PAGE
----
Integrative imaging reveals SARS-CoV-2 induced reshaping of subcellular morphologies. Cortese et al.

Published: 09-11-2020| Version 1 | DOI: 10.17632/8fc7fr8g63.1
Mirko Cortese,
Ji-Young Lee,
Julian Hennies,
Giulia Mizzon,
Vibor Laketa,
Alessia Ruggieri,
Yannick Schwab,
Ralf Bartenschlager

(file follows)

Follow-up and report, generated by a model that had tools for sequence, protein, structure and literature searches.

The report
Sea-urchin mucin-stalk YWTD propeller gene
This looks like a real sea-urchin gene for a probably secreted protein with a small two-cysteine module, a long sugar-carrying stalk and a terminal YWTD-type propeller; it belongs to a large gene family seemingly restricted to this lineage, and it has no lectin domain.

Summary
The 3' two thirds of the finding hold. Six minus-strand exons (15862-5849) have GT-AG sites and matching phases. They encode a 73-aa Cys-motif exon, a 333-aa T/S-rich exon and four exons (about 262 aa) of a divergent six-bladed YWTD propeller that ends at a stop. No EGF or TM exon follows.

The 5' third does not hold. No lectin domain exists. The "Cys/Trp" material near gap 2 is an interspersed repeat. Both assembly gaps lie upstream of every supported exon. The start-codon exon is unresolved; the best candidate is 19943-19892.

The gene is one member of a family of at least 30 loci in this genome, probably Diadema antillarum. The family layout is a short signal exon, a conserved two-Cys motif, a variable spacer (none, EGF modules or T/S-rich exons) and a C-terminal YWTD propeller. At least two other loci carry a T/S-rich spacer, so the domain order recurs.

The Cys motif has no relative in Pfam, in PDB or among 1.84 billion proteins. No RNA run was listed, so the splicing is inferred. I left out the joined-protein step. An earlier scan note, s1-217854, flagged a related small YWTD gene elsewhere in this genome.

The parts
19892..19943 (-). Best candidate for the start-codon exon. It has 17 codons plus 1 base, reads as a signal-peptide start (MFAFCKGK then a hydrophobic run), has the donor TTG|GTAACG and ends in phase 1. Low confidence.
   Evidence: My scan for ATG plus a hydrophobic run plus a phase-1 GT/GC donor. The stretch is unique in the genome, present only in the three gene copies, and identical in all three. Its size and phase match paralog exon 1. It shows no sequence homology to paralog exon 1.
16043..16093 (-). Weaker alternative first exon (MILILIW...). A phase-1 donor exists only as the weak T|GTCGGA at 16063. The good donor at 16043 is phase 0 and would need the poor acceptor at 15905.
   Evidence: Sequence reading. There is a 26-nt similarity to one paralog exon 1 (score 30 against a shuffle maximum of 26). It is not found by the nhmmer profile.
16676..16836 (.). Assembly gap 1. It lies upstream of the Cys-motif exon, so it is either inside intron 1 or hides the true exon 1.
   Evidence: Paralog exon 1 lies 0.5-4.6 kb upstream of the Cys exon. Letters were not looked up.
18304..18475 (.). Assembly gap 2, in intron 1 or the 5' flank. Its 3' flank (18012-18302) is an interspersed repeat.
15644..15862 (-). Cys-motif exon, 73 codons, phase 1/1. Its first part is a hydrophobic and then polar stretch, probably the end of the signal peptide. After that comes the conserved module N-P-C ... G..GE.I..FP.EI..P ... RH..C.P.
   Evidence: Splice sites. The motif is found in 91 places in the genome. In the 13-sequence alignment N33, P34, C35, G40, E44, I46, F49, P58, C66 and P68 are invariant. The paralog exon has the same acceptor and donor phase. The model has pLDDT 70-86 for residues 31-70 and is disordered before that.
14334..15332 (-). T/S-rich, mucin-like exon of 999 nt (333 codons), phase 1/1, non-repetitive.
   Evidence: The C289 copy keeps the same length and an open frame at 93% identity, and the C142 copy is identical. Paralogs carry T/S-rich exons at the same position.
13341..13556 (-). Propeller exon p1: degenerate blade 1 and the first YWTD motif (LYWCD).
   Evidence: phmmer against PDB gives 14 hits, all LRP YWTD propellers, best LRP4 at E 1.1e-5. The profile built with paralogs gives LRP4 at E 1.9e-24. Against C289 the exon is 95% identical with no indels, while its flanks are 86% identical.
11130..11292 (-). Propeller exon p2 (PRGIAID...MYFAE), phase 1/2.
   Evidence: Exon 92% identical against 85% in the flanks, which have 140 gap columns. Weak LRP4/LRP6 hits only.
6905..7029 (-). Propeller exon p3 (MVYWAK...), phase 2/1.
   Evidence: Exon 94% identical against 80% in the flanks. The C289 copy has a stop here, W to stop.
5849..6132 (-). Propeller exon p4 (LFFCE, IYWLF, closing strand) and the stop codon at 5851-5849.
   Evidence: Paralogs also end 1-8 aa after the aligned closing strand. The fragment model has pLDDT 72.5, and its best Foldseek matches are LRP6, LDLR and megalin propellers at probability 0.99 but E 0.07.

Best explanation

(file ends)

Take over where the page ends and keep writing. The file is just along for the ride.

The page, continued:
In this study we combined light and electron microscopy imaging to determine the morphological organelle alterations induced by SARS-CoV-2 infection in lung epithelial cells. SARS-CoV-2, similar to other positive-strand RNA virus, replicates its genome in specialized virus-induced compartments called viral "replication organelles" (ROs). Additionally, ROs allow for enrichment of metabolites, viral enzymes and cofactors, and protect the viral RNA from degradation and sensing by pattern recognition receptors of the innate immune system. Double-membrane vesicles (DMVs) are the most abundant structure constituting coronaviral ROs. Whole cell 3D analysis of infected cells, generated through focus-ion beam scanning electron microscopy, revealed a network of DMVs embedded in an ER matrix (MOVIE S1). High-throughput electron microscopy allowed defining the 3D architecture of SARS-CoV-2 ROs (MOVIE S2, S3, S4) and their association with cellular organelles, such as mitochondria, peroxisomes, the Golgi apparatus and the cytoskeleton (MOVIE S5). In addition, super-resolution microscopy and live cell imaging shows how the cytoskeleton network is remodeled during the course of infection, forming a cage-like structure that surrounds the ROs (MOVIE S6 and S7). Pharmacological inhibition of cytoskeleton dynamics strongly impairs SARS-CoV-2 replication and virus particle secretion.